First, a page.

“What we do is we extract the rock, take it down, and size it,” said Foreman Bradley, safety manager at Harrison Construction.
Harrison’s Waynesville quarry off Allens Creek Road collects and disburses rock for a variety of applications — anything from gravel roads to the sand that makes Lenox crystal.
With eight quarries spanning Western North Carolina and Eastern Tennessee, there are plenty of employees and plenty of opportunities for fatality, but Bradley hasn’t seen one in his 11 years with Harrison.
“We go out and look for good, competent people that want to work in this environment and be a part of our family,” Bradley said. “When you get those types of people, they look out for one another, they care about one another.”
Industry-wide, that wasn’t always so; before 1977, there was no federal safety oversight of mining until the Mine Safety and Health Administration was created.
“When they got together, they decided that the most valuable resource on any mining property — underground or surface — was the miner,” Bradley said. “I’m thankful that this is one company that puts human life above everything else.”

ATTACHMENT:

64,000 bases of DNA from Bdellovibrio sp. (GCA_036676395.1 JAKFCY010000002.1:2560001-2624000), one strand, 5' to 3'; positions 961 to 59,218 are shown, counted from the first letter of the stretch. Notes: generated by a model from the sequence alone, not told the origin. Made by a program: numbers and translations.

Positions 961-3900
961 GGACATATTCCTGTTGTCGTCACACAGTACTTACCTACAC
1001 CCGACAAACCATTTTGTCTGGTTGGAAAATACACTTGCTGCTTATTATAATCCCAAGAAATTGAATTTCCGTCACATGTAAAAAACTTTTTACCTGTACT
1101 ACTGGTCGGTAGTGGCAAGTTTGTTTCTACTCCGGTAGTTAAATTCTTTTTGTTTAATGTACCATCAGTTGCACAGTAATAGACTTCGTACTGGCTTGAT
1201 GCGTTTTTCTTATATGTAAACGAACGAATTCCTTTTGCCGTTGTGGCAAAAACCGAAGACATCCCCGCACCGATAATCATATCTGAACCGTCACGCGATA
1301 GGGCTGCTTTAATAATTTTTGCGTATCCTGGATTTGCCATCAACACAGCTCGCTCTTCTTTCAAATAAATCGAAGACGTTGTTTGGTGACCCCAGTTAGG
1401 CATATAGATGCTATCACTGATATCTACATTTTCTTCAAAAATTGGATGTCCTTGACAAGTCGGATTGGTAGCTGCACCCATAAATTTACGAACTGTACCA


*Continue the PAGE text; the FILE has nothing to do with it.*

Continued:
Encouraging that culture of safety has resulted in Harrison passing nine straight MSHA inspections without a citation.
“It’s unheard of,” Bradley said.
“It really is,” said North Carolina Commissioner of Labor Cherie Berry, who visited Harrison employees Aug. 8 at the Waynesville quarry. “That’s just how good they are.”
First elected in 2000, Berry lauded the company’s safety efforts, saying that she brags about them everywhere she goes — but that wasn’t her only reason for coming.
“I’m up here just to pay them a visit. I like to travel around the state to meet people, but I came to meet Danny because I’d heard the story about how he saved that 13 year-old boy’s life because of the training he had.”
Early one morning around the beginning of June, Harrison stockpile hauler and Haywood County native Danny Conner was driving on his way to work and happened upon an unexpected situation.
“I just come around the curve, and there it was,” Conner said.
A woman and a teen boy from Mobile, Alabama, were in a small car that had flipped.
“I don’t know what happened,” he said. “I remember a woman coming down the road hollerin’ ‘Anybody know CPR?’”
Conner hopped out of his vehicle and ran up to the scene. When he arrived, the boy wasn’t breathing.
“I couldn’t find no pulse,” he said.
He began to administer CPR using the training he’d received from Harrison when he was hired just nine months earlier.
“When they put him in the ambulance, he was conscious,” said Conner, who added that he was grateful for the opportunity to use his training to possibly save a life, even though it wasn’t on the job site.
“They have developed a safety culture that everybody needs to have,” Berry said. “It’s their responsibility that everybody goes home safe and healthy at the end of the day to their loved ones. That’s what safety is all about.”